Parallel Session Speech: Asia’s Dynamic Developments and their Implications for Inter-Regional Cooperation

November 27, 2013 7:34 am Published by Leave your thoughts

Speech by M. C. Abad, Jr., Chairman of the Institute for Strategic and Development Studies (Philippines), on the occasion of the CALD-ALDE Meeting session, Asia’s Political Security Environment: Avenues for Inter-Regional Cooperation, held on 09 November 2013 at the Manila Hotel, Philippines.

First of all, please allow me to congratulate the Council of Asian Liberals and Democrats (CALD) as it celebrates its 20th anniversary this year.

I would like to thank Honorable Sam Rainsy, Chairman of CALD, for inviting our Institute to this happy and important gathering.

My presentation will cover what I refer to as dynamic developments in Asia, particularly East Asia, political and security challenges in the region, the state of inter-regional cooperation, and its prospects for the future.

Dynamic developments in Asia

Few days from now, an EU-Myanmar Task Force will be launched in Yangon. This event will bring together high-level representatives of both public and private sectors from both sides to support the on-going political and economic transition processes in that country.

Indeed, very few, if any, of us anticipated the kind of fast pace transition which began two years ago when the new brand of Myanmar leadership came into power.

This year alone, we witnessed the landmark visit of Myanmar President U Thein Sein to EU and the subsequent decision of the EU Foreign Affairs Council to lift all sanctions, except arms, “in response to the changes that have taken place and in the expectation that they will continue.”

Armed conflicts continue in some parts of Myanmar and human rights violations continue to be reported. But unlike in the past, Myanmar has established a more credible government that the international community could now engage and partner with. The democratic opposition now participates in nation-building.

The political normalization in Myanmar has also removed an irritant in the inter-regional relationship between EU and ASEAN, which was stalled for several years when ASEAN decided to admit Myanmar in 1997.

Not that the irritant is not important. On the contrary, for many of us, the subject of that irritation is just the right kind of fundamental issues that we should never shy away from discussing – and resolving peacefully.  Nevertheless, there is time for everything and now seems to be a time to re-engage and re-build.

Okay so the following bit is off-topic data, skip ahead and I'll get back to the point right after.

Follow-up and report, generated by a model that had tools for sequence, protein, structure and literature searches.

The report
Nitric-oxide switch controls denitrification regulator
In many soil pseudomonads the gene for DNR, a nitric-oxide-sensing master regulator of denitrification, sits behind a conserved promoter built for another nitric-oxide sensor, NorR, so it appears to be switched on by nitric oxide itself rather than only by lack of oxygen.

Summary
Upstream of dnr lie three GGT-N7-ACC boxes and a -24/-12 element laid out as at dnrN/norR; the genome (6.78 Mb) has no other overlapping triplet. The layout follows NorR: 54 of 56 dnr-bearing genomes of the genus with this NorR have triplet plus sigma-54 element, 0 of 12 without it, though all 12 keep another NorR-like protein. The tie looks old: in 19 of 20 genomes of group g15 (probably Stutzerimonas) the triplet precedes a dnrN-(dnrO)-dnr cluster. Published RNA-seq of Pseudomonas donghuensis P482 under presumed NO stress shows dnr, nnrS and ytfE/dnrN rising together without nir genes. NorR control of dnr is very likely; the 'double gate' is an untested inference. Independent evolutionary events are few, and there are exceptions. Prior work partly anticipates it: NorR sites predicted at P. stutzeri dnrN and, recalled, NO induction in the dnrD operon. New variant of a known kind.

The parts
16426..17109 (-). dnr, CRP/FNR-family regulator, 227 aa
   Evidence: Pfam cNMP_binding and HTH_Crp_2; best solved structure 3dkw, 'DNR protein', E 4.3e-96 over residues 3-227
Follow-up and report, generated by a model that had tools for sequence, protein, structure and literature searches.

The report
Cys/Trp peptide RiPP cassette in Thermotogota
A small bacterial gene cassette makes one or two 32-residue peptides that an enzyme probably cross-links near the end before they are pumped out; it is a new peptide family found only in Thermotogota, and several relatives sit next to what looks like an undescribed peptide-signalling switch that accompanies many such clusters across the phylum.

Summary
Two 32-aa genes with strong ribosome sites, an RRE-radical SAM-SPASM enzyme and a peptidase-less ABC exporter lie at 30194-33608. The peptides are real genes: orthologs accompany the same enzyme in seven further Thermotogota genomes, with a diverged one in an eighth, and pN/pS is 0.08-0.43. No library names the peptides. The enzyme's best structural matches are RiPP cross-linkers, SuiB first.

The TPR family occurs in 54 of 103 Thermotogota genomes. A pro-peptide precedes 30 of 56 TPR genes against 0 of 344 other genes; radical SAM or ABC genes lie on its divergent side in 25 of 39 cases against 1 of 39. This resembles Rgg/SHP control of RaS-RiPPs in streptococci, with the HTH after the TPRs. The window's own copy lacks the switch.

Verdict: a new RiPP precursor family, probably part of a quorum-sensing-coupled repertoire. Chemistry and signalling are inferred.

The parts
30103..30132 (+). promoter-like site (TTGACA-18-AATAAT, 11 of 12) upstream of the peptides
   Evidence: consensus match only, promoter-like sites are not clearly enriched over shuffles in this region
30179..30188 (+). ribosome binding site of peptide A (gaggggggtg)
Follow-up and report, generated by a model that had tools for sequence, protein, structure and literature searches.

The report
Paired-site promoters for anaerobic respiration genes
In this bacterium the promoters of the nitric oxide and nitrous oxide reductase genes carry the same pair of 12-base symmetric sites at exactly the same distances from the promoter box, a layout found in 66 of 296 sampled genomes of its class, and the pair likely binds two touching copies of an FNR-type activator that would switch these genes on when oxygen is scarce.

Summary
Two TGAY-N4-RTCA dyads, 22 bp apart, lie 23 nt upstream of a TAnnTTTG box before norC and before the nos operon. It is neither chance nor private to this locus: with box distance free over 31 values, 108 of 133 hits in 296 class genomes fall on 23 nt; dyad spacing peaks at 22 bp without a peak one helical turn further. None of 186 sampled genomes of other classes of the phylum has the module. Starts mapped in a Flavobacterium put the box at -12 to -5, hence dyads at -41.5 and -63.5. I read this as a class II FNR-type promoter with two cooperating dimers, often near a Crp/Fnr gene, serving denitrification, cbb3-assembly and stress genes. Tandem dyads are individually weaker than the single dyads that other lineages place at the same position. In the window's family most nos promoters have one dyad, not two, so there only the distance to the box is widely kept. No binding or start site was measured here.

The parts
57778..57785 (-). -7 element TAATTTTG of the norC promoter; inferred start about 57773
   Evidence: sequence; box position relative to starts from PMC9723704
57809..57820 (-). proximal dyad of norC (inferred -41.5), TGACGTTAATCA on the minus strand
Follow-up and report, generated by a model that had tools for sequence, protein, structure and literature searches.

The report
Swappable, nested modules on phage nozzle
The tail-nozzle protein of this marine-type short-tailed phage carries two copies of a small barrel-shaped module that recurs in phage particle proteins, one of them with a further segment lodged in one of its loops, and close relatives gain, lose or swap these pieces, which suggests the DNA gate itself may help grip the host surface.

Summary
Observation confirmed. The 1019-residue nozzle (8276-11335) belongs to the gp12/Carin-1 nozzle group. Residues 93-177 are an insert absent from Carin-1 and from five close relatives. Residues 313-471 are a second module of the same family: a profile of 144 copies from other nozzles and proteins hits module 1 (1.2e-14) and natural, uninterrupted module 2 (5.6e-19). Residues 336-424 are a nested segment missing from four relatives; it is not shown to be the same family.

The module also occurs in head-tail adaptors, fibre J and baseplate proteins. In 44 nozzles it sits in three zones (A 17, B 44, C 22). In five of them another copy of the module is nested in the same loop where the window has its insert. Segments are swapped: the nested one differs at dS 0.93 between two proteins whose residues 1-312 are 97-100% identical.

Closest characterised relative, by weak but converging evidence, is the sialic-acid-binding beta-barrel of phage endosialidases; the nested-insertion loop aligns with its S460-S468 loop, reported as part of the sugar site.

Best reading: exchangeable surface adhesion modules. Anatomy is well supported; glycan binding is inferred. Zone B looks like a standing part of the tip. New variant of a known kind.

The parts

Economic developments and challenges

Asia Pacific region’s economic rise has been accompanied by its increasing participation in globalization, on one hand, and regional integration on the other.

As of last year, the region (including Japan) generated 36 percent of global GDP. However, this is mostly concentrated in few countries. Together, China, India, and Japan accounted for 70 percent of the region’s output. (ADB Key Indicators of 48 Regional Members, 2013).

Intra-regional trade within Asia and the Pacific today constitutes over 55 percent of its total trade from 41 percent in 1990.

As evidence of our dependence on the global market, merchandise trade (exports and imports) was equivalent to more than 100 percent of gross domestic product (GDP) in 12 regional economies. The average trade-to-GDP ratio for 35 developing countries in Asia was 67 percent in 2012.

While Asian combined exports to Europe and North America have fallen from 48 to 31 percent of the total in the last two decades, it is still very substantial. Asia has a major stake in the economic well-being of our traditional trading partners, which are also major sources of investment capital and technology.

The EU, in particular, remains ASEAN’s third largest trading partner and continues to be ASEAN’s biggest source of Foreign Direct Investment, with a share of 16 percent. In tourism, the number of visitor arrivals from the EU to ASEAN in 2011 was 7.33 million, an increase from 6.97 million in 2010.

Our strong economic linkages and interdependence with the rest of the world is a source of our economic dynamism. But it is also a source of concern and insecurity.

It is concerned about the impact of economic challenges being faced by its major partners, namely, North America and Europe. It is concerned about uncertainties in global financial conditions.  It is concerned about not being able to achieve the targets set by the Millennium Development Goals. It is also concerned about the persistence of non-traditional security issues that threaten human security. Therefore, our dialogue, among other priorities, should contribute to the forging of post-MDG development agenda.

Political and security challenges

Within Southeast Asia, peaceful relations prevail. Nevertheless, just like in many other parts of the world, some of our territorial disputes remain unresolved. Nevertheless, these are being managed within bounds.